Jergens v. Marias Medical Center et al
ORDER; Defendants Motion for Attorney Fees (Doc. 66 ) is DENIED. Signed by Judge Brian Morris on 9/9/2021. (TLO)
Case 4:20-cv-00015-BMM Document 76 Filed 09/09/21 Page 1 of 4
IN THE UNITED STATES DISTRICT COURT
FOR THE DISTRICT OF MONTANA
GREAT FALLS DIVISION
MARIAS MEDICAL CENTER; BOARD
OF COUNTY COMMISSIONERS OF
TOOLE COUNTY; and CINDY LAMB, in
her individual capacity, severally, or in the
Plaintiff Jeanette Jergens (“Jergens”) filed a complaint against the Marias
Medical Center, the Board of County Commissioners of Toole County, and Cindy
Lamb on February 26, 2020. (Doc. 1). Jergens alleged that Defendants violated the
Family and Medical Leave Act (“FMLA”) and the due process clause of the United
States Constitution. (Doc. 1 at 6). Jergens’s complaint followed two suits in
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Montana state court arising from the same employment dispute between herself
and Defendants. In the first of these two state cases (Jergens I), the jury awarded
Jergens $80,762 for her claims of privacy violations and discrimination. (Doc. 64
at 3-4). In the latter case (Jergens II), Jergens sought to add claims identical to the
claims she brought before this Court, however, she later withdrew her motion to
amend and the state court subsequently dismissed the complaint. (Doc. 31).
The Court granted summary judgment to Defendants on July 30, 3021,
finding that Jergens’ claim under the FMLA was time-barred, that she suffered no
prejudice by her employer’s failure to inform her of her rights under the FMLA,
and that res judicata barred both her FMLA claim and due process claim. (Doc.
Defendants have filed a motion for attorney fees pursuant to 42 U.S.C.
1988(b). (Doc. 66). Defendants request a fee of $16,192.50. (Doc. 67 a 6). Plaintiff
objects. (Doc. 70).
The Court may discretionarily award reasonable attorney fees to the
prevailing party in a suit to vindicate civil rights. 42 U.S.C. §1988(b). Attorney's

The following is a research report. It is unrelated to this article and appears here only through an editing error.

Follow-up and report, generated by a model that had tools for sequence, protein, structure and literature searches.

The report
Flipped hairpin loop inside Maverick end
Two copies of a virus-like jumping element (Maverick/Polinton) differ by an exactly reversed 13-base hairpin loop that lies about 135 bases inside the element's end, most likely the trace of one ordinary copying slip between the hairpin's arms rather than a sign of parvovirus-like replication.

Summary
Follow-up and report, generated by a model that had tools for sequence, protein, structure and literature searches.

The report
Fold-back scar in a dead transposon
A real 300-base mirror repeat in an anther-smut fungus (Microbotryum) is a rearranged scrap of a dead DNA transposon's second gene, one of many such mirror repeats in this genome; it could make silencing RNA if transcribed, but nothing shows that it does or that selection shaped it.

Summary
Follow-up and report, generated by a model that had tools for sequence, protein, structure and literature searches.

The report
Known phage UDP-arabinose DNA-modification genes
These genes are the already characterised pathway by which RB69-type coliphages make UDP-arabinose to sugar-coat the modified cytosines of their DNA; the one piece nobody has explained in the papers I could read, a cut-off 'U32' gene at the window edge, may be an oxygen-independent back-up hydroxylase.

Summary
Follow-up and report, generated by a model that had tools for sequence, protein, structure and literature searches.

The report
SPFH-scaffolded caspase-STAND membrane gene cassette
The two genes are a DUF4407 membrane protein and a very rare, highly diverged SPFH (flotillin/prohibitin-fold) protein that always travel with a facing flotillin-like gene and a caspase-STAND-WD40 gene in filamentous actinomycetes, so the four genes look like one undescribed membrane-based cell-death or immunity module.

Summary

fees should be granted to a defendant in a civil rights action only upon a finding
that the plaintiff's action was frivolous, unreasonable, or without foundation.
Summers v. Teichert & Son, Inc., 127 F.3d 1150, 1154 (9th Cir. 1997) (quoting
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Christiansburg Garment Co. v. Equal Emp. Opportunity Comm’n, 434 U.S. 412,
421 (1978)). In considering what constitutes a claim that is frivolous, unreasonable
or groundless, it is important that a court resist the understandable temptation to
engage in post hoc reasoning by concluding that, because a plaintiff did not
ultimately prevail, her action must have been unreasonable or without foundation.
C.W. v. Capistrano Unified Sch. Dist., 784 F.3d 1237, 1245 (9th Cir. 2015).
Jergens’s claims, though ultimately unsuccessful, did not rise to the rise to
the standard of “frivolous, unreasonable, or without foundation.” Even when the
law or the facts appear questionable or unfavorable at the outset, a party may have
an entirely reasonable ground for bringing suit. Christiansburg Garment Co., 434
U.S. at 422. Jergens had reasonable grounds for bringing suit, having already
prevailed on facts related to this case in a previous suit—Jergens I. (Doc. 67 at 2).
Defendants rely on the fact that “[n]either the Plaintiff, the defense, nor this
Court could find any support whatsoever” for Jergens’s civil rights claim. (Doc. 71
at 5). When little case law exists on point and a claim raises a novel question,
however, the claim is much less likely to be considered frivolous. C.W. v.
Capistrano Unified Sch. Dist., 784 F.3d 1237, 1245 (9th Cir. 2015). Jergens’s
claim was novel, and ultimately unsuccessful as a matter of law, but that does not
render it frivolous or lacking in foundation.
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Accordingly, IT IS ORDERED that:
Defendant’s Motion for Attorney Fees (Doc. 66) is DENIED.
Dated the 9th day of September, 2021.
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